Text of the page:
While Netanyahu has voiced support for parts of the initiative, he has emphasized it would merely be a starting point and that Israel would not agree to all its terms.

The Arab Peace Initiative calls for Israel to withdraw from all territories gained in the 1967 Six-Day War and to reach a mutually agreed upon resolution to the Palestinian refugee problem. In exchange, the Arab world would normalize ties with Israel.

German minister lifts opposition to Jewish delegate on art restitution body

Thu, 05/26/2016 - 12:20

Monika Grutters and Rabbi Yehuda Teichtal in Berlin on May 24, 2016. (Courtesy of Rabbi Yehuda Teichtal)

(JTA) — In a reversal,  Germany’s culture minister said she favors including a Jewish community representative on the country’s controversial committee for restitution of Nazi-looted art.

Minister Monika Grütters said she supported adding a Jewish delegate during a meeting Tuesday with Yehuda Teichtal, a rabbi of the Jewish community in Berlin. Teichtal’s office announced her decision on Thursday following his meeting with the minister.

The decision concerns the so-called Limbach Commission, which is an advisory commission on the return of cultural property seized as a result of Nazi persecution, and especially Jewish property.

Earlier this year, World Jewish Congress President Ronald Lauder criticized the Limbach Commission as having “no teeth” as a mediator in controversial art restitution cases. He has lobbied for the inclusion of a representative of the Jewish community on the body.

But Grütters resisted these calls, telling the New York Times in March: “We did not do this, and for good reason,” because a Jewish member “would be the only voice who would be prejudiced.”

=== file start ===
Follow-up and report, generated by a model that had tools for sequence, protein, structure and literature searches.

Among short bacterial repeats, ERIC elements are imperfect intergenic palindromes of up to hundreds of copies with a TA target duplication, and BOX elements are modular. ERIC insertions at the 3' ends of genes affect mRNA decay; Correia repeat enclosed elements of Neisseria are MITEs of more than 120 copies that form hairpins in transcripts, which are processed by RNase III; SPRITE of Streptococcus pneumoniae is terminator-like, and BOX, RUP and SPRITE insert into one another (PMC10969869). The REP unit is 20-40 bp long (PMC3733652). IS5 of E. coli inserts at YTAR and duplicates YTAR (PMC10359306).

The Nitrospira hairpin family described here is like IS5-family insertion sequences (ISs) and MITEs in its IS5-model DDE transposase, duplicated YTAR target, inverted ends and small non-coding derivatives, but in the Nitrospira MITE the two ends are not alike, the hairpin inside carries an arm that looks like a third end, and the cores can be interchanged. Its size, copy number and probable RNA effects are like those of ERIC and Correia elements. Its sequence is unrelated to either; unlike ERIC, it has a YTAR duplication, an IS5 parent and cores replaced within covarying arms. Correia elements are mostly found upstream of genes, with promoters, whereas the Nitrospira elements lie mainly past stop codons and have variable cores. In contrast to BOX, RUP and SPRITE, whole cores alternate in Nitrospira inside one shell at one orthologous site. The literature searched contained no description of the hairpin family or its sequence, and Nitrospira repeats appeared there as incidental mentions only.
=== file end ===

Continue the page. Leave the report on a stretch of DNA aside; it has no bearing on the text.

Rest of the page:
Named after its chairman, Jutta Limbach, the former head of the German Federal Constitutional Court, the committee has come under fire along with other restitution bodies following the 2012 discovery of 1,400 precious artworks in the possession of Cornelius Gurlitt, whose late father collected looted art on behalf of Nazi officials.

German authorities hid the discovery for approximately one year before a magazine broke the story.

Earlier this year, Lauder said the interim results of the investigation into the stash were “meager and not satisfactory.” Headed by a taskforce independent to the Limbach Commission, the probe flagged approximately 500 works in the Gurlitt trove that are under suspicion of being looted art and whose provenance the task force has been checking since 2013. Only a handful had been identified as stolen or returned.

During her meeting with Rabbi Teichtal, Grütters stated that she intends to “positively consider adding a member of the Jewish community to the committee board” in her forthcoming talks with the German states and municipalities, “in order to boost the confidence in the committee’s work and its transparency,” Teichtal’s office said in a statement.

“Minister Grütters is a true friend of the Jewish people and that if there are any arguments regarding certain issues, it is important to make sure that they are handled in the way arguments should be handled between friends,” Teichtal said.

US, Egypt discuss reviving Mideast peace talks while Netanyahu appoints hard-line minister

Wed, 05/18/2016 - 15:05

Egyptian President Abdel Fatah el-Sissi speaking at a news conference with German Chancellor Angela Merkel (unseen) in Berlin, June 3, 2015. (Adam Berry/Getty Images)

(JTA) — U.S. Secretary of State John Kerry met with Egyptian President Abdel Fatah el-Sissi to discuss how to revive Israeli-Palestinian negotiations, along with other shared concerns.

Meeting in Cairo Wednesday, Kerry “expressed his appreciation for [Sissi’s] recent statement of strong support for advancing Arab-Israeli peace,” State Department spokesman Mark Toner said in a statement.